PSA: make it easier to help you


#1

Sometimes questions on this forum fail to get a quick answer for reasons that may not be obvious to the person who opened the topic, but could be fixed easily when known. This is a list of suggestions that are commonly made, with the intention to make it linkable instead of being repeated every time.

Keywords are highlighted to make it easier to refer to specific points.

  1. Post quoted code, enclosing code blocks in triple-backticks ```:

    ```julia
    function f(x, y)
        x + y
    end
    ```
    

    This will highlight the syntax and use a monospace font.

    Don’t post your code as a screenshot, as it becomes very difficult to read and impossible to copy-paste, so many people will just ignore it.

  2. Indent your code to reflect its block structure (your editor should help you with this). Our eyes are used to indented code, and find it more easier for spotting errors.

  3. Make your example self-contained (“minimal working example”, MWE), so that it runs (or at least gets to the error that you want help with) as is, without any additional steps. This means including package loading, eg

    using ThatPackage
    

    and, if applicable, data that the code operates on. If your data is large or proprietary, generate test data and include the functions for that.

  4. Simplify your problem. Unless you are absolutely certain that the whole code is needed to exhibit what you want to show, make an effort come up with a simpler version. This step takes the most effort, but often this alone helps with locating the problem. Also, shorter and simpler examples get answers quicker.

  5. Include code instead of REPL output, except when the latter is relevant.

  6. People assume that you are using the latest stable version of Julia and released packages (you can ensure the latter with pkg> up). If this is not the case, make sure you note the relevant versions.

  7. If you have a plotting (style) question, including a plot with the desired output (possibly generated with other software) is helpful.

  8. You may not get a response here for packages with a very narrow audience. In that case, you may want to consider opening an issue on Github (or Gitlab, etc) for the package repository, just to ask a question. Most packages are OK with this.


Simple type question
Format x-labels using VegaLite
Parallelizing function returns no output
Why doesn't this code work? I can't figure out
Large size of plot files generated using Plots.jl with GR backend
ML feature importance in julia
Unexpected Type conversion
Is there a way to suppress "method overwritten" warnings?
Custom likelihoods in Turing.jl
Performance of Memory Mapped Arrays (vs. JLD2)
Function change
A usage about multi-dimension arrays
Unnecessary compilation happening on every call
s=ArgParseSettings()
Logical processes remain active after my parallelized program ends
Julia stops unexpectedly (after 10 mins of use)
Weave with PyPlot.jl
Slow runtime when assigning struct reference
Trying to require Modules in a circular way, program just crashes
Convert array to dictionary
Question on use of include from 0.6 -- 1.0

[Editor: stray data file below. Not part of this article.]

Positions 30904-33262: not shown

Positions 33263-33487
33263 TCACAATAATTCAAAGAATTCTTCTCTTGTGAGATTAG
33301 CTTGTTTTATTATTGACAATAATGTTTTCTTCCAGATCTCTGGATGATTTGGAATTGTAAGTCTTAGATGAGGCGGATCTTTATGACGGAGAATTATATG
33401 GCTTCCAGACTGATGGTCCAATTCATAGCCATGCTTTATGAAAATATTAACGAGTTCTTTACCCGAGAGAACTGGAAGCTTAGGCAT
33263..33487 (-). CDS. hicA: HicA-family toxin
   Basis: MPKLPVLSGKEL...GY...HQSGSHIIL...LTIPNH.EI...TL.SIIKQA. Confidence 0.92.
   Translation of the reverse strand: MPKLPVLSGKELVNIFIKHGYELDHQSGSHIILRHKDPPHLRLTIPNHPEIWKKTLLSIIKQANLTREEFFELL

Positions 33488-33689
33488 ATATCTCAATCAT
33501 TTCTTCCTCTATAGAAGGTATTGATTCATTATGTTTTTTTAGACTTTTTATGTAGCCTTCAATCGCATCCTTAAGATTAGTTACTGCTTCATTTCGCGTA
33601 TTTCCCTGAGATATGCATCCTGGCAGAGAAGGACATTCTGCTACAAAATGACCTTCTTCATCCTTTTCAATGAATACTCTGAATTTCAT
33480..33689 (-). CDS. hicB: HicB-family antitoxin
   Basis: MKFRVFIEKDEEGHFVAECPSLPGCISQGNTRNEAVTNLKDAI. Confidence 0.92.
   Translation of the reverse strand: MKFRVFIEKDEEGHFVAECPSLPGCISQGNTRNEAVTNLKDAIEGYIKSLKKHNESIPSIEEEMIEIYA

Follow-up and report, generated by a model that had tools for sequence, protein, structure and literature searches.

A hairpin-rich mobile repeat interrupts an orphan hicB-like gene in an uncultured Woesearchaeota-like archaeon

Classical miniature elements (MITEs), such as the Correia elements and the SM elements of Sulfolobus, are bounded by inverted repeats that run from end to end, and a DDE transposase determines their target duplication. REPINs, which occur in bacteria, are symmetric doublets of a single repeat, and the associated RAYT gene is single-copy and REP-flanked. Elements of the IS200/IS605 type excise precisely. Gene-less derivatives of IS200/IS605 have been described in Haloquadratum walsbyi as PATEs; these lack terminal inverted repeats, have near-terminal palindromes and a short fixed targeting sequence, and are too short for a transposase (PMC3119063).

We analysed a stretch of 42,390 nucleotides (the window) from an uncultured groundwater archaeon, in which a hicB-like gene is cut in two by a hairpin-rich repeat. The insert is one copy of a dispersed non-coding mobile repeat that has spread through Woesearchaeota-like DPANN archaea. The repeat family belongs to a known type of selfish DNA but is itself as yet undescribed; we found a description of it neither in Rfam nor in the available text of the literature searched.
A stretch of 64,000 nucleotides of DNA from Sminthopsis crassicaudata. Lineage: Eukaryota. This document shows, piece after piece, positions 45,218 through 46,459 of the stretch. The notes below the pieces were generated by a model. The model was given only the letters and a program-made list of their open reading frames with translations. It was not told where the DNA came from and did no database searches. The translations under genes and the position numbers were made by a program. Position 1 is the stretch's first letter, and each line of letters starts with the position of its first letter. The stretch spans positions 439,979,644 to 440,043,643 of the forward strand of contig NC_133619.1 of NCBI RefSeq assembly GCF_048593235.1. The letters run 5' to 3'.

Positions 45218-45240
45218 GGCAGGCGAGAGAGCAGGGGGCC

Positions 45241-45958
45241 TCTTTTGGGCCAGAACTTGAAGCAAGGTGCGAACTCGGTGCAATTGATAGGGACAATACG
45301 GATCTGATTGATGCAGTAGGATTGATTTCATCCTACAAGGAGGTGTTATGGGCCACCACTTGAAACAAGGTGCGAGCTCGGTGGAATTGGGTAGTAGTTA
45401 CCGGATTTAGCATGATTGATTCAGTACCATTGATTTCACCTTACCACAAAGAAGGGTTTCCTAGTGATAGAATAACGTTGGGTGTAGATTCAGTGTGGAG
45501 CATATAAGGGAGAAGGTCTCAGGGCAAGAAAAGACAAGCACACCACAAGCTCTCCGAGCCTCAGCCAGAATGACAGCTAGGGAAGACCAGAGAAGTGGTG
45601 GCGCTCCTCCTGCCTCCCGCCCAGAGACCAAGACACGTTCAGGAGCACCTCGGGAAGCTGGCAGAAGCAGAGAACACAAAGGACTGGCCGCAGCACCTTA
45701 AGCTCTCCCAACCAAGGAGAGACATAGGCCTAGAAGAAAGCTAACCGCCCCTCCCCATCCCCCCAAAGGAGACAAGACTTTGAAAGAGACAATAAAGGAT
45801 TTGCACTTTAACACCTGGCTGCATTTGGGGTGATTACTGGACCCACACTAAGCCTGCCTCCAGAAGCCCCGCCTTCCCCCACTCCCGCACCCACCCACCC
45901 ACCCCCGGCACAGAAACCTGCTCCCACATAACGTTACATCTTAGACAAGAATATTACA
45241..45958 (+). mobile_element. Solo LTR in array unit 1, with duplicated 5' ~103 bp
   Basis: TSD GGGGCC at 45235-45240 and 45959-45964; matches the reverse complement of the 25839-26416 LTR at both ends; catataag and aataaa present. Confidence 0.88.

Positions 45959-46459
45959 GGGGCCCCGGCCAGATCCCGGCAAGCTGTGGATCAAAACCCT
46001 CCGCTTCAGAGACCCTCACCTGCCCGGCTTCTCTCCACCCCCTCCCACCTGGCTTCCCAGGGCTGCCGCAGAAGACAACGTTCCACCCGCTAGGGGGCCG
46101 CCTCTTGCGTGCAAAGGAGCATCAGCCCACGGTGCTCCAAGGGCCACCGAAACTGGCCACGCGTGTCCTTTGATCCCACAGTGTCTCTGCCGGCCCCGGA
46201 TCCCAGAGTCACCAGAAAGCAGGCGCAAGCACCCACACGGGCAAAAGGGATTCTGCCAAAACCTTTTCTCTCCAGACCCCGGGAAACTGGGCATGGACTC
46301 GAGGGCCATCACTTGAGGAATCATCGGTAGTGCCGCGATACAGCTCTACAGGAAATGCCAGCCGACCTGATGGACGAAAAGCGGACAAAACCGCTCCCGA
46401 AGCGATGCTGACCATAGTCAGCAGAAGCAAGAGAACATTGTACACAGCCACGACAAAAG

How to convert CartesianIndex{N} values to Int64
Testing a package with runtests.jl does not generate graphical outputs
MethodError
CUDAnative support for Float16
Applicationerror: solver (gurobi) did not exit normally
#2

This is great! Consider changing the title to something like “Guidelines for asking questions about code” (or something a little simpler).

Cheers,
Kevin


#3

Good idea. I do not even know what PSA refers to here :blush: I have two suggestions:

  1. Change the title to “Advice on posting to Julia Discourse”
  2. The advice (or an improved version) should be a Julia Discourse FAQ.

For more inspiration, here is the link to the equivalent FAQ for Stata:

https://www.statalist.org/forums/help

Update thanks to Google: PSA = Public Service Announcement


#4

Thanks for the suggestion, but I don’t think that a document like the Stata FAQ is what I had in mind, keeping it short was a priority.


#5

My personal addition:

  1. Be clear about which package you are talking about. A link to the github project repo is a good idea. Don’t assume there is only one package for doing a particular task, and that we will thus know what you mean when you say “the plotting package” or “the Markov Chain Monte Carlo package”. If you have an example following point 3 “Make your example self-contained” you should be fine.

#6

Thanks for the suggestions. I will wait a while for more and then edit. Another thing I missed is guidance about cross-posting.


#7

I’d like to add a comment for those seeking to post this in the future - while simply posting the link by itself may have the desired effect, including a sentence about why you’re posting it will be seen as far more friendly and welcoming. Eg:

Welcome to the Julia forums! Just so you know, you might have better luck getting answers if you follow some of these simple guidelines.

Or something.


#8

Very nice list!
I also had no idea what “PSA” might mean.
I’d especially value the 4th step: Simplify your problem. So I’d move that item to the top!


#9

Also to me it seems like a good idea to pin this topic.


#10

I would like to thank everyone for the suggestions. I updated the post, mostly minor rewording and highlighting keywords for easier reference.

This is a good suggestion, but I think that the point about MWE should cover this, so I decided not to make the list longer (lest it would not be read).